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Hart, Newhall school districts to send layoff notices

Full-timers to learn fate by March 15

Posted: February 18, 2009 12:49 a.m.
Updated: February 18, 2009 4:55 a.m.
 

In anticipation of multi-million dollar cuts to the 2009-10 fiscal budget, two local school districts are prepared to send hundreds of potential layoff notices to full-time employees by March 15, school officials said Tuesday.

Newhall School District officials will send 109 notices to teachers and administrators, said Superintendent Marc Winger.

"We're trying to save all the jobs we can," he said.

The 109 notices serve as an estimate until legislators pass a state budget.

"It does not mean 109 people will be laid off," he said.

Newhall faces a $3 million cut for the 2009-10 school year, Winger said. The slice is more than 5 percent of the district's $57 million budget.

The William S. Hart Union High School District anticipates sending 172 layoff notices to full-time employees by March 15.

"It just means we're trying to position ourself in preparing for the worst-case scenario," said Hart Superintendent Jaime Castellanos.

Hart's board members will make the final decision about layoff notices during tonight's meeting.

Board members would rather have employees take sizeable pay cuts if it means keeping jobs, Castellanos said.

Both districts must make layoffs by May 15.

Hart district officials are preparing for a $34 million slice to the budget over the next two-and-a-half years, he said.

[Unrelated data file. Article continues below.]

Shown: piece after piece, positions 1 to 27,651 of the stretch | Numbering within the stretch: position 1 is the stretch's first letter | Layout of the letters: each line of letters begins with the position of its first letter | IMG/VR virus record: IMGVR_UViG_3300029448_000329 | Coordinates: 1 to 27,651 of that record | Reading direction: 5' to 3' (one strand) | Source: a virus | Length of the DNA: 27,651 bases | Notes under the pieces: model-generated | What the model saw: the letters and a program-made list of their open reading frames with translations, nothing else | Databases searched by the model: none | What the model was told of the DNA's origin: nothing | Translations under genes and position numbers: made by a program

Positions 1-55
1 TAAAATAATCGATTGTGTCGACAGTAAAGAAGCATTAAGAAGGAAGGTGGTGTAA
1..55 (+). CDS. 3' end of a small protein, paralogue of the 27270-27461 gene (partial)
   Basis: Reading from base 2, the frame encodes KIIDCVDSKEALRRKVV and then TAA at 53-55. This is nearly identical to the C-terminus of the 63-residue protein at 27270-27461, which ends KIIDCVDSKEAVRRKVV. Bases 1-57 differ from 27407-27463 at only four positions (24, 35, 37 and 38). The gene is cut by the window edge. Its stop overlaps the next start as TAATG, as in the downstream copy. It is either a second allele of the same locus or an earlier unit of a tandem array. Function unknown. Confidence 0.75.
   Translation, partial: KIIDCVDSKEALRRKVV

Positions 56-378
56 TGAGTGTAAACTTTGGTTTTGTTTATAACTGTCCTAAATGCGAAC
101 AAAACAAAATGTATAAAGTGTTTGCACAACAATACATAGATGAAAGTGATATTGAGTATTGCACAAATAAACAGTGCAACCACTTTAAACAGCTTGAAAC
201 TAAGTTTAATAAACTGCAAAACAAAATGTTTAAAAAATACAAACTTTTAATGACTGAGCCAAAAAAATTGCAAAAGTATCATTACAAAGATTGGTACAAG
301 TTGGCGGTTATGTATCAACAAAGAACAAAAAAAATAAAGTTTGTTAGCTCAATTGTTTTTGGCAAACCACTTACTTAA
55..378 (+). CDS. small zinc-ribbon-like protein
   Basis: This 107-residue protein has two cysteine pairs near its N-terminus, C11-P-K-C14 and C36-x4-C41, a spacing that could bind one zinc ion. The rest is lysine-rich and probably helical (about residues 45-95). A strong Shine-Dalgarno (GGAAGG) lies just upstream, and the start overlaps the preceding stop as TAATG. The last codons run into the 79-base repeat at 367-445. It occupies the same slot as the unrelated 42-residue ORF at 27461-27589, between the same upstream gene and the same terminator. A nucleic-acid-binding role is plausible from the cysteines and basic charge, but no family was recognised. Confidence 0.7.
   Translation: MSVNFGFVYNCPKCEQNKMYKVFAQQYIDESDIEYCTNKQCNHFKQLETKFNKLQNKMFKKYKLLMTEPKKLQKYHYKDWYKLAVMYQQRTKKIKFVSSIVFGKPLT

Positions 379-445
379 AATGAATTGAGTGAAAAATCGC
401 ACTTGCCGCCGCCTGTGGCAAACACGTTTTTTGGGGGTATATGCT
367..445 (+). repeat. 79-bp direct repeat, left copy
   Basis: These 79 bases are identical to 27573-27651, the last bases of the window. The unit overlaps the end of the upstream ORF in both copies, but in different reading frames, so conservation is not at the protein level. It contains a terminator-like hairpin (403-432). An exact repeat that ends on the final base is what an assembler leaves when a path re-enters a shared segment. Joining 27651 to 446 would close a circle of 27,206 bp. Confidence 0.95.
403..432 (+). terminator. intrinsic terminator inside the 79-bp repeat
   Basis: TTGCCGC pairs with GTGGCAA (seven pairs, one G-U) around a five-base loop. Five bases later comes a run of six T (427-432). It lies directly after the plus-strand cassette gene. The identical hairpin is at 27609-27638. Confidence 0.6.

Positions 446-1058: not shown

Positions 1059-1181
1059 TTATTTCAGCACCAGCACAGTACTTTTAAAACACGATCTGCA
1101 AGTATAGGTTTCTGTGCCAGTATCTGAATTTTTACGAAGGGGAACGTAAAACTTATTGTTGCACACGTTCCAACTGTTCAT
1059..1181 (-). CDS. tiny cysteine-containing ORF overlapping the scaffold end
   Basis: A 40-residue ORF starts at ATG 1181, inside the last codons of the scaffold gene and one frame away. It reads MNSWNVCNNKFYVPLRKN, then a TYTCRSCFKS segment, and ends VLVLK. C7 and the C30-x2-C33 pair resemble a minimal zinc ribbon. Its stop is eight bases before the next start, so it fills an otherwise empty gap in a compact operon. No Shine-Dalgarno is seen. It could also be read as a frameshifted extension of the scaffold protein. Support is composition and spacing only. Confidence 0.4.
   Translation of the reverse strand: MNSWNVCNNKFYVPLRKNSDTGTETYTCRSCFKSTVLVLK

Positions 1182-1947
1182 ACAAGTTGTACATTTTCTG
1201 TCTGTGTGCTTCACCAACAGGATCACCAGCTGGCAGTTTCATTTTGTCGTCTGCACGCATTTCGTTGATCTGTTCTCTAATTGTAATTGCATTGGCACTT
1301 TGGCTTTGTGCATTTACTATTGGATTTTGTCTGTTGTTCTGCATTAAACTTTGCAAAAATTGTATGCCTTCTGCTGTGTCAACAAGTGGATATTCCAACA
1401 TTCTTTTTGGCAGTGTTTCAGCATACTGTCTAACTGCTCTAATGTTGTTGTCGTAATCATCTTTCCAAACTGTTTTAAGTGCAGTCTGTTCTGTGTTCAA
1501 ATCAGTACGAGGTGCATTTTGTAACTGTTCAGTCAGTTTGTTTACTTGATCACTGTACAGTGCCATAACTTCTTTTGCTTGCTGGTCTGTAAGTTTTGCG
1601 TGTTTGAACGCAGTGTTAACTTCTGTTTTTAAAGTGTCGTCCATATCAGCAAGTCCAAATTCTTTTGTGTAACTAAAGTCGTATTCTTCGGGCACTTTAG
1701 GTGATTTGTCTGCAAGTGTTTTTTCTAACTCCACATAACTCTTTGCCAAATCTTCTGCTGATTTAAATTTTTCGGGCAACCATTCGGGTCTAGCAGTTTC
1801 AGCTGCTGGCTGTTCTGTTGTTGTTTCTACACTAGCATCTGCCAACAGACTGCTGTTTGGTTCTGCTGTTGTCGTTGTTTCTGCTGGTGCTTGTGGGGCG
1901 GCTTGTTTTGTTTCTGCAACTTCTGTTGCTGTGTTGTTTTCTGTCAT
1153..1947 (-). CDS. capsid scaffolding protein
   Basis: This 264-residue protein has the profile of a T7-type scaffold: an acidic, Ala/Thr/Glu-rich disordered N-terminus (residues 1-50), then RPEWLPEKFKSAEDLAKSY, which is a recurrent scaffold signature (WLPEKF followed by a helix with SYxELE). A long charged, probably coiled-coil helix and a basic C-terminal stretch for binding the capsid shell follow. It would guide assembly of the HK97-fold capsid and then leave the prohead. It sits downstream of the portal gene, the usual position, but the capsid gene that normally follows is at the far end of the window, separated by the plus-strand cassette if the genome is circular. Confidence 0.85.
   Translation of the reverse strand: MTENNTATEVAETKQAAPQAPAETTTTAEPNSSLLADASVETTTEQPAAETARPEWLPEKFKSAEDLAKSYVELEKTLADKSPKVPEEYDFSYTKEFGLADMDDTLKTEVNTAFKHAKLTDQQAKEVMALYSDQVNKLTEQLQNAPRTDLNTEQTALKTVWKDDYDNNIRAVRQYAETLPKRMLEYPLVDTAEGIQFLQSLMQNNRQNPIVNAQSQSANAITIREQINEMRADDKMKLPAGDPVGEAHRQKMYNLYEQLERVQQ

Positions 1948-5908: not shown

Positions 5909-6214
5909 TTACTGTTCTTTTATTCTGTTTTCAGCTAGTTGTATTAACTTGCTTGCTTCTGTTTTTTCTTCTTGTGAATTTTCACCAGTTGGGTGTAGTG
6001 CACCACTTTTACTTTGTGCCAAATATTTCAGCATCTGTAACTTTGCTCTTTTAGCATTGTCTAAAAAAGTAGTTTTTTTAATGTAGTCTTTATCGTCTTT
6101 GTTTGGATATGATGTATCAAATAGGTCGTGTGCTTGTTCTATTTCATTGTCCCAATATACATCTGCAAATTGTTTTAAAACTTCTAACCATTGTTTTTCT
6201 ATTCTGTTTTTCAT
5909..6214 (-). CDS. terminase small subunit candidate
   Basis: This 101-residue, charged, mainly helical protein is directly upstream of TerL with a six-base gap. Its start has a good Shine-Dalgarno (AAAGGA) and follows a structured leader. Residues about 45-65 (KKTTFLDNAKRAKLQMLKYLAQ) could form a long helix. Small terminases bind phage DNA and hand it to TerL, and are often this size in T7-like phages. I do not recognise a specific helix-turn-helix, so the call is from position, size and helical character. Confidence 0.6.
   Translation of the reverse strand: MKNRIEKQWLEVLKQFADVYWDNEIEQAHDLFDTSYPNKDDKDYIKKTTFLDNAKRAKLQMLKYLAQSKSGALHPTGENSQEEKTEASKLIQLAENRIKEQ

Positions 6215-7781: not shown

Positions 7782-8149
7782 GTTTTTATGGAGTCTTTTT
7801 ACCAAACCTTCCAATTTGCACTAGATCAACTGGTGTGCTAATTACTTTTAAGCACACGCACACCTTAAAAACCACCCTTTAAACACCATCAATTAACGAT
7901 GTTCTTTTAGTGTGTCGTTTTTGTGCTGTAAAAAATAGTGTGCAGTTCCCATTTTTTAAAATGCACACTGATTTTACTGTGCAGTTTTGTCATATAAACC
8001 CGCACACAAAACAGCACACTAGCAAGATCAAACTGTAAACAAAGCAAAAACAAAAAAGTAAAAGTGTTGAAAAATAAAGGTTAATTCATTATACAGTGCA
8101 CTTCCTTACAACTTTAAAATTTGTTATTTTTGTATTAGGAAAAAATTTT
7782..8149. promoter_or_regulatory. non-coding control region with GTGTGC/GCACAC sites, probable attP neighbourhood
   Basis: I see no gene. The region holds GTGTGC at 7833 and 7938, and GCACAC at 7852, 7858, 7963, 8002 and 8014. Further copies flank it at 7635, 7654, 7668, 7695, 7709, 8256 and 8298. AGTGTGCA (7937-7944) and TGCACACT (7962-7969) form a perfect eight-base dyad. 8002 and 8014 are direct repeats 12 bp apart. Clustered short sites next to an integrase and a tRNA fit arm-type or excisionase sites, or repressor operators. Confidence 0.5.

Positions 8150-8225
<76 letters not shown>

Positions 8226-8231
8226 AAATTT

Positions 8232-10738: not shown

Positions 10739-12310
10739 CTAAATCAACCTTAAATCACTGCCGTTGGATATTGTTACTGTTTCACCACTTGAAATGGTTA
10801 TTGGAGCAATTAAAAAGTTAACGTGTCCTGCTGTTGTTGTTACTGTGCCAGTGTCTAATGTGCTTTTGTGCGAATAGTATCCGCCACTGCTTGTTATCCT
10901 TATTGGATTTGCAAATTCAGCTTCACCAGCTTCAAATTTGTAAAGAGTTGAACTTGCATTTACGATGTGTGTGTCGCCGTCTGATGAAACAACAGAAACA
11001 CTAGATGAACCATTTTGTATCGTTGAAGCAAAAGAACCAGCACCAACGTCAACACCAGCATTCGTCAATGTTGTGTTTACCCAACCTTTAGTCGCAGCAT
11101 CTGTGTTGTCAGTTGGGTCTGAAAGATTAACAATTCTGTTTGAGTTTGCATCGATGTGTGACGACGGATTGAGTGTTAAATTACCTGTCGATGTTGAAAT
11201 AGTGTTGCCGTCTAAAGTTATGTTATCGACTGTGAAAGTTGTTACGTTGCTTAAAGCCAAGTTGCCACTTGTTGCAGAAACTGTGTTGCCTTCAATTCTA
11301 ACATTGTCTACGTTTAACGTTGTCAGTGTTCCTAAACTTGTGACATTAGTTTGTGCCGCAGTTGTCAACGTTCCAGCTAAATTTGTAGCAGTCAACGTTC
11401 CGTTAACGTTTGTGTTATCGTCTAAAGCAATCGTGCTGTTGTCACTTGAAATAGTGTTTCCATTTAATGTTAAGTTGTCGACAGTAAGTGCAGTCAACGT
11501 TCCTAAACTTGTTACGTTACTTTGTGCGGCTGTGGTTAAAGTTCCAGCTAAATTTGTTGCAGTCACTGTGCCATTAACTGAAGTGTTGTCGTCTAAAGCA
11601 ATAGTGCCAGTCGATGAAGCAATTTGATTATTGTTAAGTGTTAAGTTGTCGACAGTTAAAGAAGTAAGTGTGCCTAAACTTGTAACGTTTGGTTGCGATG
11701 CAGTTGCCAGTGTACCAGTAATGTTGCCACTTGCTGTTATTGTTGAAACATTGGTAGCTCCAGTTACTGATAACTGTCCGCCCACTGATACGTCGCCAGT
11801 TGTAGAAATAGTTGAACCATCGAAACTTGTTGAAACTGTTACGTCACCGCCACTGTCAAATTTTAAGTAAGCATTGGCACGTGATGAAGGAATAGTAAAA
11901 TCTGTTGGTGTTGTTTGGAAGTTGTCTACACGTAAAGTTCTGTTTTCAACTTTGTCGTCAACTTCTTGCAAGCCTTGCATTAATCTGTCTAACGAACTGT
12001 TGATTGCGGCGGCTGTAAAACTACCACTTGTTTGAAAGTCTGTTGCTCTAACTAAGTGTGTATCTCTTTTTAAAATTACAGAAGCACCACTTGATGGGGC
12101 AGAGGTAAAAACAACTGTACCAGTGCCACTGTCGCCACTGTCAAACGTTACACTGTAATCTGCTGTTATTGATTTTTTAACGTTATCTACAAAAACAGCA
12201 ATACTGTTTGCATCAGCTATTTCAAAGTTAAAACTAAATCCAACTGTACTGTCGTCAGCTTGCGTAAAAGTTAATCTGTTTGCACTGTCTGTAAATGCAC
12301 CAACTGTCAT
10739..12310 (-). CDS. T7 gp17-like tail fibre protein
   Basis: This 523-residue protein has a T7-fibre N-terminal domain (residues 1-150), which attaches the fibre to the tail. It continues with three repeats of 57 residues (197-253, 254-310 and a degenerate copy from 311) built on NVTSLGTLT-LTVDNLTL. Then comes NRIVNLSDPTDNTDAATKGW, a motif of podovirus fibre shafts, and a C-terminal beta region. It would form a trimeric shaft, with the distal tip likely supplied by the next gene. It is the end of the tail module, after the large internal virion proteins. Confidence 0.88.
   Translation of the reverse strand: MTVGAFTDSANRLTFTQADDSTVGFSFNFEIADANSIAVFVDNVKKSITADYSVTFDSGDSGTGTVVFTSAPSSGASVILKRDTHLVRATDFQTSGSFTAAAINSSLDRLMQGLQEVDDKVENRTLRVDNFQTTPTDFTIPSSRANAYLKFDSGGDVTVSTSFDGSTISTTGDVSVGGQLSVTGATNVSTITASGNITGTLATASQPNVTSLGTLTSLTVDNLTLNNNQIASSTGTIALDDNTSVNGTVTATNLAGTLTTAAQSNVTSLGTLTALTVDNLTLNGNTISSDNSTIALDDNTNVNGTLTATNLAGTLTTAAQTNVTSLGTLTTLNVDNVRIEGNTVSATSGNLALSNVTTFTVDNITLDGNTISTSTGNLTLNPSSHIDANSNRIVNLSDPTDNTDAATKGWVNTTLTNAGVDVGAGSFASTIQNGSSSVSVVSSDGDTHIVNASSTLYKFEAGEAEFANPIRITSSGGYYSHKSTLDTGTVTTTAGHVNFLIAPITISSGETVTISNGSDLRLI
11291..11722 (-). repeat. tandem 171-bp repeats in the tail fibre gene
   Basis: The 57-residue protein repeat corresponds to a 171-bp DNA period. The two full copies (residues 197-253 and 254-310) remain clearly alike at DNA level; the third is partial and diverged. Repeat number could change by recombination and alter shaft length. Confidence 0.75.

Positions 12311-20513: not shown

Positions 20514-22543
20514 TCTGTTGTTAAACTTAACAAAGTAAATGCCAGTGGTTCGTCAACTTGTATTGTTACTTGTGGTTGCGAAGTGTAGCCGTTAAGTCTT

"I think we have no choice. We're all bracing for the worst-case scenario," Castellanos said.

Members of the Newhall Teachers Association remain in limbo until a state budget passes.

"Of course, temporary teachers pretty much know they're not going to have a job in the district," association President Carole Magnuson said.

Even though layoff notices are finalized in May, the preliminary notices come with emotion.

"They pretty much know that things look very bleak," she said, referring to temporary teachers, who are on the bottom of the seniority list.

Despite word of the cuts, teachers remain focused on the children.

"There have been lean times financially for school districts in the past and teachers always make it work," she said. "It's hard. I told teachers: Prepare for the worst, but don't expect the worst."

Despite attempts at deal-cutting, legislative leaders Tuesday were unable to find one additional Republican in the Senate to pass the budget plan.

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